While in Uganda, students were challenged to be open-minded as they explored the similarities and differences of Ugandan and North American culture. The community engagement focus of the program centered on students’ engagement with residents of Kampala, as they incorporated an African fable into a play with the Ndere Culture Troupe. In addition, students volunteered at orphanages and primary school, swapped stories and ideas with students at Kyambogo University, navigated marketplaces, and visited historical landmarks. At each day’s end, Melanie facilitated conversations with topics including colonialism, refugees, unfamiliar norms, and different value systems. Journaling was a required assignment for students, so they could reflect individually on their experiences each day.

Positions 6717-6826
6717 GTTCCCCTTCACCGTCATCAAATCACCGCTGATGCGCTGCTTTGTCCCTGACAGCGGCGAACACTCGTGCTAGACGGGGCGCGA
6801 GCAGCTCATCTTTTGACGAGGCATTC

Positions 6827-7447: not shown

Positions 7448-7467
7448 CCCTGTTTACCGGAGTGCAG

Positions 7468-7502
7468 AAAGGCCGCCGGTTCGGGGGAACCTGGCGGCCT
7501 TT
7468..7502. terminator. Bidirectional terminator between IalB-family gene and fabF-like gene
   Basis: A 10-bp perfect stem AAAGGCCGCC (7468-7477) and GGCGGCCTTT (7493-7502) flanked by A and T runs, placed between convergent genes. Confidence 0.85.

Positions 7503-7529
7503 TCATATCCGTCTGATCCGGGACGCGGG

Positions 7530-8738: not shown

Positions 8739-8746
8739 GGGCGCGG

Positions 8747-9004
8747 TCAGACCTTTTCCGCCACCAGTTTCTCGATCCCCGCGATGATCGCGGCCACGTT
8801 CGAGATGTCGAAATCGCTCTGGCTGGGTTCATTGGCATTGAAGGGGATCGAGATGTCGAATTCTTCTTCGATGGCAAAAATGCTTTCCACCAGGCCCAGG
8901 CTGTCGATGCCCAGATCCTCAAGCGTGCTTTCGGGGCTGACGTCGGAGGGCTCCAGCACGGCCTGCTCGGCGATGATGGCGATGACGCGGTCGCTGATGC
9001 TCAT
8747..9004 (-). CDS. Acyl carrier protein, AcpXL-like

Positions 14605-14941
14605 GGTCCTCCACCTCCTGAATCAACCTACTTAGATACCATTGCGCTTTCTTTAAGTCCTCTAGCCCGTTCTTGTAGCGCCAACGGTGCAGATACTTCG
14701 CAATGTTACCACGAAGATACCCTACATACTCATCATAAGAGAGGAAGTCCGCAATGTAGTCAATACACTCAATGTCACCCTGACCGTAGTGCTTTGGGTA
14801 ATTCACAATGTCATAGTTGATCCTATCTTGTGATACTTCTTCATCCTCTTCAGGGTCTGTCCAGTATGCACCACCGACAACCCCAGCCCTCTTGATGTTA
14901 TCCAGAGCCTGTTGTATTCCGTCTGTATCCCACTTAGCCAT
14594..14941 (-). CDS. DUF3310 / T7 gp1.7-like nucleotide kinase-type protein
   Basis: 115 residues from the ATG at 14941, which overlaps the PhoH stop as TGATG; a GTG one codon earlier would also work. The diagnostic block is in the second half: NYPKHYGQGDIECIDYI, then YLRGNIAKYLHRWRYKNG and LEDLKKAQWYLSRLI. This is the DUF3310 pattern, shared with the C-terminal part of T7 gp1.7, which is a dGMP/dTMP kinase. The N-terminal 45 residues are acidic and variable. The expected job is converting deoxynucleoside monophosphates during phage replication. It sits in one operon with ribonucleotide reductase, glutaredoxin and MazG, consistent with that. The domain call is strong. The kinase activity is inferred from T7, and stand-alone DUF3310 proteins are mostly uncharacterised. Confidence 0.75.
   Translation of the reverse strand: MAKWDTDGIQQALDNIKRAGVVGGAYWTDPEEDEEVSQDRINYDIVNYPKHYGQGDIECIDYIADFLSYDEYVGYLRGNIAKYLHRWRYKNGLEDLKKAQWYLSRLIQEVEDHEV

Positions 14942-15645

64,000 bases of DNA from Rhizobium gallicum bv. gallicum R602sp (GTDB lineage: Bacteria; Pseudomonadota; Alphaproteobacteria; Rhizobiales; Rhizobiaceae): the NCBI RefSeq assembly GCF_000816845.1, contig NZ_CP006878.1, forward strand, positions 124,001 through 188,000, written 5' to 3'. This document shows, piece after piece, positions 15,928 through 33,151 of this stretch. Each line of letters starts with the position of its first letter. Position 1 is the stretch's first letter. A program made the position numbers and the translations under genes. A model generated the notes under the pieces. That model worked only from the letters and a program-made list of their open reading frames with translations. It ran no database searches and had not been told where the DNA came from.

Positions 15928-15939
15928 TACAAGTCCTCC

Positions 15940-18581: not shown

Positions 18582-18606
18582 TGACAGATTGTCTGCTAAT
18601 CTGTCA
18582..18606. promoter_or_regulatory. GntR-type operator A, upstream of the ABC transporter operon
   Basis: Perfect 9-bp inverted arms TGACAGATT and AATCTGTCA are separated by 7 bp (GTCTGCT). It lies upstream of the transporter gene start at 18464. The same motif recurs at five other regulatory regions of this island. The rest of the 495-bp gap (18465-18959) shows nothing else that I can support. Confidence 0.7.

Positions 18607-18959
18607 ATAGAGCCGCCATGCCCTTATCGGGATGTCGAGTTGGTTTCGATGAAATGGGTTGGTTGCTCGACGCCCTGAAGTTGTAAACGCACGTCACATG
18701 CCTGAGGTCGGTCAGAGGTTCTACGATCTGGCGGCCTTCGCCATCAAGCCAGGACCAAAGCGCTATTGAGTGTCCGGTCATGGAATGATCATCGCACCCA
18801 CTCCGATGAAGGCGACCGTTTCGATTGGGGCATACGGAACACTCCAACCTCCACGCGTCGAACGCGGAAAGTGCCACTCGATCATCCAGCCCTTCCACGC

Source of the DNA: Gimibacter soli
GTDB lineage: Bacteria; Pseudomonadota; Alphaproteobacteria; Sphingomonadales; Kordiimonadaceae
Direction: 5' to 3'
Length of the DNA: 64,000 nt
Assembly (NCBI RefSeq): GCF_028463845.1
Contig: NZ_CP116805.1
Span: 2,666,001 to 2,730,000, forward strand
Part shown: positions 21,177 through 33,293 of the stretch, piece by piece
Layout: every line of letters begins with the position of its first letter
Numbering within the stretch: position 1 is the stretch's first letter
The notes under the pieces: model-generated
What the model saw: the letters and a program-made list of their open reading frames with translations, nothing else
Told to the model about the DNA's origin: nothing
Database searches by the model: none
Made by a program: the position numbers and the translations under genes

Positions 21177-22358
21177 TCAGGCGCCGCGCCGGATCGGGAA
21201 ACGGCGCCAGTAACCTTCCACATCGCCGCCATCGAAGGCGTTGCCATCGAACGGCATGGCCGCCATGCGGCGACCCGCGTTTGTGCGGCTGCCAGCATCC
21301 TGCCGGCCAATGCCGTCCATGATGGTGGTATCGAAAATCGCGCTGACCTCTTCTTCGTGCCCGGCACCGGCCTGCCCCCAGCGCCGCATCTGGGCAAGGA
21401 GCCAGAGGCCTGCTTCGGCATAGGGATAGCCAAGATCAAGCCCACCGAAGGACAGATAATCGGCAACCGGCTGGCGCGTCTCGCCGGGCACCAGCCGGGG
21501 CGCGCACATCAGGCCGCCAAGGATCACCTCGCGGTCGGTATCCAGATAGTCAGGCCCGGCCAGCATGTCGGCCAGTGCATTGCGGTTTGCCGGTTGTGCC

One student wrote, “Melanie was an integral part of this trip; Melanie’s exceptional leadership skills allowed students to gain a deeper understanding of themselves, their own capabilities, and expand their cultural competence. Being far from home in a new and unfamiliar country with laws, norms, and values very different from your own is an intimidating experience. Without Melanie’s guidance of our surroundings and learning, we would not have grown and obtained such vast awareness of Ugandan life.”
Melanie challenged students to adopt a global perspective as they assimilated back to the Missouri State community. Her students continue to engage in local or international service as they pursue graduate studies, or work in their communities as citizen dietitians. Her Study Away program was a catalyst for teaching students about Ugandan culture, their own cultures, and how they interact with the world.